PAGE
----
Directed by Nicholas Stoller
Starring Jason Segel, Kristen Bell, Mila Kunas, Russell Brand and Bill Hader
Heidi’s Illustrious Rating: 1.5
Word of Warning: Crude jokes, drug references and plenty of sexual
innuendos, sexual situations and nudity. This movie truly deserves the R rating.
This is a woefully disappointing movie, starring two vaguely familiar television actresses and one utterly unknown comedian. “Forgetting Sarah Marshall” straddles the fence, unsure of what it is – a romantic comedy or a silly, sophomoric comedy. While the movie never really figures out what it is, I know what I want: a refund on both my time and money.
I wanted to like this movie. After all, the premise looked promising and the setting (Hawaii) looked delightful. For several months this movie has been marketed as being “from the producers who brought us “˜The 40 Year Old Virgin’ and “˜Knocked Up,'” proving, even before hitting the theaters, it was unable to stand on its own merit.
I am not a prude, nor do I mind occasional sophomoric humor. I like a movie to push the envelope, as long it as works. It does not work in “Forgetting Sarah Marshall.” The main character is nude so much the stunt loses all humor and there are continuous juvenile references to sex acts. For two hours the movie tries to provoke laughs through antics seemingly intended to entertain thirteen-year-old boys, rather than a Rated R age audience. Ultimately, this movie does not harness the same sort of cleverness as films like “The 40 Year Old Virgin.”
The story is about a guy named Peter Bretter (Jason Segel) who has been dumped by his girlfriend, Sarah Marshall (Kristen Bell). Sarah has left Peter for a British rock star (Russell Brand). After the breakup, Peter has a string of intentional one-night stands, but this fails to make him feel better. He decides to vacation in Hawaii and unknowingly decides to stay at the same resort Sarah and her new boyfriend are vacationing. Obviously, uncomfortable situations ensue.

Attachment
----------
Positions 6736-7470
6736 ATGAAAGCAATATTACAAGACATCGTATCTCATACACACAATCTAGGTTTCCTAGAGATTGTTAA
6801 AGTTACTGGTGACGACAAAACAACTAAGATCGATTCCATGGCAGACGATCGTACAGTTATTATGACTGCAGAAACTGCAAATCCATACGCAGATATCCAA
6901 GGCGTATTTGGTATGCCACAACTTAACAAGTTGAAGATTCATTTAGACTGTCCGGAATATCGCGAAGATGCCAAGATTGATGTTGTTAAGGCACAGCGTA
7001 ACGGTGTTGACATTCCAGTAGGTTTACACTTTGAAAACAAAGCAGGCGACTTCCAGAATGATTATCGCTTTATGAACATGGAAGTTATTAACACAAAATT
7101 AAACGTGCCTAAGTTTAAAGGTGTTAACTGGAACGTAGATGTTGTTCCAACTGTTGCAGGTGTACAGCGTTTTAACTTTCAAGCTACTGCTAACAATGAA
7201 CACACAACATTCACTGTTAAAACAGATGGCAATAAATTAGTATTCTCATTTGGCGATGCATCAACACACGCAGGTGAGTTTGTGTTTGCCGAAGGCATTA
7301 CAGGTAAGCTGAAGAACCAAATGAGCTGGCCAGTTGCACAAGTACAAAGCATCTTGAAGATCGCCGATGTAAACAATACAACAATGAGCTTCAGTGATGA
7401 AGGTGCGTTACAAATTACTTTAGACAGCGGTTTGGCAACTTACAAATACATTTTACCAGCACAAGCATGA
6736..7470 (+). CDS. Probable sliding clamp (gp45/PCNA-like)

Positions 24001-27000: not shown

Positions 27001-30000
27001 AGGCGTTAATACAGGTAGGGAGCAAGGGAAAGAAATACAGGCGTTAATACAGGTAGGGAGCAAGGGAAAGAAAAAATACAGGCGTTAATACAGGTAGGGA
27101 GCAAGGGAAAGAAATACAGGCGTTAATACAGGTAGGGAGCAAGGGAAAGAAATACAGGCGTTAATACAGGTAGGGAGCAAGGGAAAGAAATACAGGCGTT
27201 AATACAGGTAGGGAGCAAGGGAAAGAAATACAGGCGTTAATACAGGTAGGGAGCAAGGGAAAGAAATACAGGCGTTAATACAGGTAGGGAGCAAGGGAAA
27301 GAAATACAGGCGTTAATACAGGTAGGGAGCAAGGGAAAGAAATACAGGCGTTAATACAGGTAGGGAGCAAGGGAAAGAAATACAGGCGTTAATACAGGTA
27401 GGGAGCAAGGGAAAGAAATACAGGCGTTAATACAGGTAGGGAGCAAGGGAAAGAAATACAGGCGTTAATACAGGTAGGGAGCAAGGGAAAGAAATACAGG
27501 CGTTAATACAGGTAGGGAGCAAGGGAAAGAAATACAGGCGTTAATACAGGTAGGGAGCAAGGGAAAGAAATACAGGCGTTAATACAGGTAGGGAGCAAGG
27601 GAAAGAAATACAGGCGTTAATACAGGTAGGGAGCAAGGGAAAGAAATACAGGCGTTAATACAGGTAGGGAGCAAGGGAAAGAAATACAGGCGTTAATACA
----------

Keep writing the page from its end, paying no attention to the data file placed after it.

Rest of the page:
At one point, Peter and his newfound love interest, Rachel Jansen, (Mila Kunas) have dinner with Sarah and her new beau. I only mention this scene because it seriously irritated me. The number of mistakes in big budget Hollywood movies never ceases to amaze me. This scene is fraught with distractions for those of us who notice such things. The bottle of wine, for instance, mysteriously moves around the table and the level of wine in the various wine glasses goes up and down with the blink of an eye.
Lastly, will Jonah Hill of “Superbad” fame please go away? He is like the creepy kid in high school who would put mirrors on his shoes in order to see up girls’ skirts. In this movie he plays a hotel employee with a weird man-crush on Sarah’s rocker boyfriend.
The two characters that stole the most scenes were William Baldwin (playing a bit part) and British comedian Russell Brand as the British rocker. When a Baldwin brother steals a scene, the movie is destined for the dusty shelves of the rental store. There was an entertaining puppet show near the end of the movie, but it seems horribly disappointing when a puppet show is the only redeeming quality in a made-for-adults movie.
**This review also appears in the Berthoud Weekly Surveyor